Mesoamerican origin of the common bean (Phaseolus vulgaris L.) is revealed by sequence data

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  • Elena Bitocchi, Dipartimento di Scienze Agrarie, Alimentari ed Ambientali, Università Politecnica delle Marche, Italy
  • Laura Nanni, Dipartimento di Scienze Agrarie, Alimentari ed Ambientali, Università Politecnica delle Marche, Italy
  • Elisa Bellucci, Dipartimento di Scienze Agrarie, Alimentari ed Ambientali, Università Politecnica delle Marche, Italy
  • Monica Rossi, Dipartimento di Scienze Agrarie, Alimentari ed Ambientali, Università Politecnica delle Marche, Italy
  • Alessandro Giardini, Dipartimento di Scienze Agrarie, Alimentari ed Ambientali, Università Politecnica delle Marche, Italy
  • Pierluigi Spagnoletti Zeuli, Dipartimento di Biologia Difesa e Biotecnologie Agro-Forestali, Università degli Studi della Basilicata, Italy
  • Giuseppina Logozzo, bDipartimento di Biologia Difesa e Biotecnologie Agro-Forestali, Università degli Studi della Basilicata, Italy
  • Jens Stougaard
  • Phillip McClean, dDepartment of Plant Sciences, North Dakota State University, United States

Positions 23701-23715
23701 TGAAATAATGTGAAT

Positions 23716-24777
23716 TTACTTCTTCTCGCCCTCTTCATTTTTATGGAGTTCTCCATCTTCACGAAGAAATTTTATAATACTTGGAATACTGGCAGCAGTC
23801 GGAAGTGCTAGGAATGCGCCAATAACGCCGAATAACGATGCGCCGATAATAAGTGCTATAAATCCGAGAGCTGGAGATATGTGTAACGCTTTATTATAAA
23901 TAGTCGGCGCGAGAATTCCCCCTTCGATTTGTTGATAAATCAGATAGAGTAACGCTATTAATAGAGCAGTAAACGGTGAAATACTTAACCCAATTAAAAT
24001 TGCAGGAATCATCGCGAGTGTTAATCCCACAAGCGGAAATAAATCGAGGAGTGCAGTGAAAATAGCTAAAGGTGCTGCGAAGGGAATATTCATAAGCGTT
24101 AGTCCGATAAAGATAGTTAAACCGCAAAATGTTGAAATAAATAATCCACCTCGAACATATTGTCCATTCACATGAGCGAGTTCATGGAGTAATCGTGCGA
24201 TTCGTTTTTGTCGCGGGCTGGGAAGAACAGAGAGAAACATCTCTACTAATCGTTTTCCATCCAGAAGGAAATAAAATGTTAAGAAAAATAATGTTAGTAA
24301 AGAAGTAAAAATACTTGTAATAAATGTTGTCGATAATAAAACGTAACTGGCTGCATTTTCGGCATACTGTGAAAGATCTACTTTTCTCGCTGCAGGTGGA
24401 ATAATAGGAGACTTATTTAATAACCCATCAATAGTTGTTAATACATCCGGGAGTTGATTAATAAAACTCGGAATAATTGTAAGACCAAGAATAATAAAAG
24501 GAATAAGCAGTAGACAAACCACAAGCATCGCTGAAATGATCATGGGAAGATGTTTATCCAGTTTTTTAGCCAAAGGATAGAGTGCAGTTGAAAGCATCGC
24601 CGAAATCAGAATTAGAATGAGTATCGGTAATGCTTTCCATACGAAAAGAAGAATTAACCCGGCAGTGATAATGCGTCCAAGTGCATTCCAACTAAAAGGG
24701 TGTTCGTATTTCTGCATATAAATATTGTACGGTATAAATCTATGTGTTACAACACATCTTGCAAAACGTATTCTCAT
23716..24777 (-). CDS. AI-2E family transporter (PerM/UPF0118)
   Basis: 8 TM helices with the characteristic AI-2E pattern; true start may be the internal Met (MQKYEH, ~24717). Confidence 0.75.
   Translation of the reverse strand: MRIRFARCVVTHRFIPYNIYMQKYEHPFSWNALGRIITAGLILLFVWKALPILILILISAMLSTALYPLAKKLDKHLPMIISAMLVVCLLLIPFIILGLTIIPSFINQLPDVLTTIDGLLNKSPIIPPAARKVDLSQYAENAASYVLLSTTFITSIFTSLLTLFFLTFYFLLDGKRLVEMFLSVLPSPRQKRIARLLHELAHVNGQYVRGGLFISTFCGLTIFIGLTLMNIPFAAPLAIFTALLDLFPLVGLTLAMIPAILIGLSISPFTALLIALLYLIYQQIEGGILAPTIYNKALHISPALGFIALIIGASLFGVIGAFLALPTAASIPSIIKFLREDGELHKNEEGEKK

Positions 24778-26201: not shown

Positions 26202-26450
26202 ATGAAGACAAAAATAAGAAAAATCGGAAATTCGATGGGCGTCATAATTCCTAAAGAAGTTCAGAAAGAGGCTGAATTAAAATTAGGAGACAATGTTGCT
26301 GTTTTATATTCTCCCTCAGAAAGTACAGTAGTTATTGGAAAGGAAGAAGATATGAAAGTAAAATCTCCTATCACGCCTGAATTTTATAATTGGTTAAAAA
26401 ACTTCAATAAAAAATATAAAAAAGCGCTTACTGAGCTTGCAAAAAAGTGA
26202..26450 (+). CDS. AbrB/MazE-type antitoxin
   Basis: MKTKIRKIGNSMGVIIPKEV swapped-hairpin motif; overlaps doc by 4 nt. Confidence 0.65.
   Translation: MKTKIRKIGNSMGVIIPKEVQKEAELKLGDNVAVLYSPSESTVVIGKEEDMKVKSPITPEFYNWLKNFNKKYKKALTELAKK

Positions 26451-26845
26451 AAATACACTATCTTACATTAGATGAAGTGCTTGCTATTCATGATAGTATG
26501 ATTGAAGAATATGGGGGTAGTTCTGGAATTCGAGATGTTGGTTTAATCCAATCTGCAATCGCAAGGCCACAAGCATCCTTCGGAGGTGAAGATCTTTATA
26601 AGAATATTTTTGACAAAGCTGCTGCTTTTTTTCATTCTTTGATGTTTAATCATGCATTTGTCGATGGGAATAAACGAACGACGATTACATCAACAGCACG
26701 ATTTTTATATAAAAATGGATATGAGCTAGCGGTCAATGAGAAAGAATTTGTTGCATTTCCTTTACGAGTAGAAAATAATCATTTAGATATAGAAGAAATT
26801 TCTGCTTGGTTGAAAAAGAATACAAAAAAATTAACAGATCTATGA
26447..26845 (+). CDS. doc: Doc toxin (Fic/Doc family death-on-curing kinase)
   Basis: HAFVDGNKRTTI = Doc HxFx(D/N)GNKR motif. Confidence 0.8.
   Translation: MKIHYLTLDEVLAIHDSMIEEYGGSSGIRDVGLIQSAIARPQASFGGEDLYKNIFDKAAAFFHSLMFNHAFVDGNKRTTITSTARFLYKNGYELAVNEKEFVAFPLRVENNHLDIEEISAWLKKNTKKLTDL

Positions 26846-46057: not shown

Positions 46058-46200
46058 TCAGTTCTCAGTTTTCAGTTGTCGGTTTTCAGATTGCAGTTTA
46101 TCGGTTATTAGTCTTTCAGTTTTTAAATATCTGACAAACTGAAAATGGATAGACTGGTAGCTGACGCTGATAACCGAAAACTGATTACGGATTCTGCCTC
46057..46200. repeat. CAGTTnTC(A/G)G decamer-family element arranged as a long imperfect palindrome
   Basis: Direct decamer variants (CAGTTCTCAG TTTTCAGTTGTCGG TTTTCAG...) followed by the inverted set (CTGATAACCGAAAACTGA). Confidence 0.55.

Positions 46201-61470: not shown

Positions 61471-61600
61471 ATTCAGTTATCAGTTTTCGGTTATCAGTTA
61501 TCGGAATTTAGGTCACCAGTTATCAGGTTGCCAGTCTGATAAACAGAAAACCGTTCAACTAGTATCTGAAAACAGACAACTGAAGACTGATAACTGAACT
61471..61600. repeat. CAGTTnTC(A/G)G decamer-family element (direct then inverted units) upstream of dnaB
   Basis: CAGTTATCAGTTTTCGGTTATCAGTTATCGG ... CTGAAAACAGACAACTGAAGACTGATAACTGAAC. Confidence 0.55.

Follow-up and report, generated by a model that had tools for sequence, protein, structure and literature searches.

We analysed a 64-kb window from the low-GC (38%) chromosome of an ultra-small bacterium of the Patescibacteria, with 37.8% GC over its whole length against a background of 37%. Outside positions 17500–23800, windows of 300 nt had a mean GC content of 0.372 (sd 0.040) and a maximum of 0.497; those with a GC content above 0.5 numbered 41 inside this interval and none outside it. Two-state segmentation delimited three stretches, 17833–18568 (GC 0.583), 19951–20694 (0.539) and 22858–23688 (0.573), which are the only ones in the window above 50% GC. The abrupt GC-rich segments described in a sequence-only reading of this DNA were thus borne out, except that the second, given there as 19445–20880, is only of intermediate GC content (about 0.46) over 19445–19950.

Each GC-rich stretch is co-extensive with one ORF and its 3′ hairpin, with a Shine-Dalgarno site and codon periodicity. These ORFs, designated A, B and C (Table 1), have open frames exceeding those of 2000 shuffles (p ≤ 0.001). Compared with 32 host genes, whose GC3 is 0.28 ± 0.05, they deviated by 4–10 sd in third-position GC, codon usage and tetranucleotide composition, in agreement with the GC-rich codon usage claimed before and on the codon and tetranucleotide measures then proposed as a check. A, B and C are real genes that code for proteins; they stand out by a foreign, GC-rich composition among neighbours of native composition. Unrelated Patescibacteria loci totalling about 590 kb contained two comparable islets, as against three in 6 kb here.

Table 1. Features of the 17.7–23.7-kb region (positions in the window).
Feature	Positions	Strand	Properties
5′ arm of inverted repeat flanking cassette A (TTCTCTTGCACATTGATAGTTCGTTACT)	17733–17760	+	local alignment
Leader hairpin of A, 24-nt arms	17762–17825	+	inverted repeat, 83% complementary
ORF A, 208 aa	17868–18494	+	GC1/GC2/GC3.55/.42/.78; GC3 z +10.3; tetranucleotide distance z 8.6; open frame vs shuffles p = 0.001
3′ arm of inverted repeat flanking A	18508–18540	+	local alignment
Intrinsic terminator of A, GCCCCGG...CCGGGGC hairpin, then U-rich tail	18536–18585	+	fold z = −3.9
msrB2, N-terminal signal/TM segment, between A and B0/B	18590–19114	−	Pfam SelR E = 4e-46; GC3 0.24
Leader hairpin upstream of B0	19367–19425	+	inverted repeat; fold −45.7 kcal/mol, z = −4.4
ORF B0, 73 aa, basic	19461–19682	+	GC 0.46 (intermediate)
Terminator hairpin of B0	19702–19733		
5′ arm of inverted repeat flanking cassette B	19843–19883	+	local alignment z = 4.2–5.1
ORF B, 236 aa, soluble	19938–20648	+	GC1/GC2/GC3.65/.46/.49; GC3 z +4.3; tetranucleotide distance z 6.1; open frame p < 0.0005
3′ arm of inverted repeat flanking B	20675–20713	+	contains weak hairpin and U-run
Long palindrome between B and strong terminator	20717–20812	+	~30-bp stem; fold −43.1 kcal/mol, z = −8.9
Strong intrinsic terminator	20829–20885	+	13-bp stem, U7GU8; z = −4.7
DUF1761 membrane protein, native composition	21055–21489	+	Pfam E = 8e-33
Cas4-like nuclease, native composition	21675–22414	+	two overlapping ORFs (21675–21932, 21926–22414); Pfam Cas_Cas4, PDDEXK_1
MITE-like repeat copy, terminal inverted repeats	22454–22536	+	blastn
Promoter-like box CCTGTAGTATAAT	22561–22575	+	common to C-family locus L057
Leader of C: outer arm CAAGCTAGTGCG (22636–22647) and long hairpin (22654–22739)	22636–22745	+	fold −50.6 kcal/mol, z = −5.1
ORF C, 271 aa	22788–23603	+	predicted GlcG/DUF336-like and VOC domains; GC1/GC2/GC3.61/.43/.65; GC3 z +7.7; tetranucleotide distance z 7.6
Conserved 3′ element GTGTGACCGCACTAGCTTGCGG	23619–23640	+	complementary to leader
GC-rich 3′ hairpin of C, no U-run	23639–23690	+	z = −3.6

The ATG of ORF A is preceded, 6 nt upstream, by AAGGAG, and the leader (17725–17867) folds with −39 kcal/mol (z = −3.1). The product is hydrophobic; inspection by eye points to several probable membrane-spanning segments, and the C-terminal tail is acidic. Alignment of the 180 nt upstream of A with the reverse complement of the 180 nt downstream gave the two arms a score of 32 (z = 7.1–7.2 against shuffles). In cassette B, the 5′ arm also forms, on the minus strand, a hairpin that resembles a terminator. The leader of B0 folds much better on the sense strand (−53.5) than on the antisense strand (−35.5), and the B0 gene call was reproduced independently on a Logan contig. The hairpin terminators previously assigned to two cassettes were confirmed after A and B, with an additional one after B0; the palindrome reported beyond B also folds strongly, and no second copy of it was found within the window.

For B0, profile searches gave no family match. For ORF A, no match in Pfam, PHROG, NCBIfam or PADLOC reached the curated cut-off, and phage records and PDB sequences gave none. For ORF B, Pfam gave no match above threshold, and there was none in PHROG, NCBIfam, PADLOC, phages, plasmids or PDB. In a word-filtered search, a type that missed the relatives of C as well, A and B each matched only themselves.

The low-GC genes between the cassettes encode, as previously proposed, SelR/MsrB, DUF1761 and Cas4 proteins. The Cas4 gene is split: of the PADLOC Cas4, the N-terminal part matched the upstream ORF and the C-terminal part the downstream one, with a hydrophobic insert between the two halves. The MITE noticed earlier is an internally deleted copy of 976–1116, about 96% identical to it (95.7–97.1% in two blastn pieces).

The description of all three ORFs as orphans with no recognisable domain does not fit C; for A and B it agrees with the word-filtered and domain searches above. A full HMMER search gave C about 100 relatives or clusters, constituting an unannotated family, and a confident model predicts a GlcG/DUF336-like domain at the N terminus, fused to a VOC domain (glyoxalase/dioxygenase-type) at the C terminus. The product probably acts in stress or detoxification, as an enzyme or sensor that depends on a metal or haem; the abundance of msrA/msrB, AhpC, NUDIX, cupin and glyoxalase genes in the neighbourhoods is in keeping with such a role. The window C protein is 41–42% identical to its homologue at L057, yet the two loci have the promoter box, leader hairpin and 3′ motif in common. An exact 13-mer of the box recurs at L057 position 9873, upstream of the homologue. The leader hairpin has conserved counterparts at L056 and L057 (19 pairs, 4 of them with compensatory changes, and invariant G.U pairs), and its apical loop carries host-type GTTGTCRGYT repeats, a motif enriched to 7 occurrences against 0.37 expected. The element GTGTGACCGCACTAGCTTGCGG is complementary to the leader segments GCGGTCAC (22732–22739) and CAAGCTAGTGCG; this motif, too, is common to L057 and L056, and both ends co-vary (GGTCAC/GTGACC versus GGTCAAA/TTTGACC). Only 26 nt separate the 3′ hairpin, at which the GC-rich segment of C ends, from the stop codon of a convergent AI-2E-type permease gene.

• Giovanna Attene, Dipartimento di Scienze Agronomiche e Genetica Vegetale Agraria, Università degli Studi di Sassari, Italy
  • Roberto Papa, aDipartimento di Scienze Agrarie, Alimentari ed Ambientali, Università Politecnica delle Marche, Italy
Knowledge about the origins and evolution of crop species represents an important prerequisite for efficient conservation and use of existing plant materials. This study was designed to solve the ongoing debate on the origins of the common bean by investigating the nucleotide diversity at five gene loci of a large sample that represents the entire geographical distribution of the wild forms of this species. Our data clearly indicate a Mesoamerican origin of the common bean. They also strongly support the occurrence of a bottleneck during the formation of the Andean gene pool that predates the domestication, which was suggested by recent studies based on multilocus molecular markers. Furthermore, a remarkable result was the genetic structure that was seen for the Mesoamerican accessions, with the identification of four different genetic groups that have different relationships with the sets of wild accessions from the Andes and northern Peru-Ecuador. This finding implies that both of the gene pools from South America originated through different migration events from the Mesoamerican populations that were characteristic of central Mexico.
Original languageEnglish
JournalProceedings of the National Academy of Sciences of the United States of America
Volume109
Issue14
Pages (from-to)E788-96
Number of pages9
ISSN0027-8424
DOIs
Publication statusPublished - 3 Apr 2012

    Research areas

  • Central America, Genes, Plant, Haplotypes, Molecular Sequence Data, Phaseolus, Sequence Analysis, DNA

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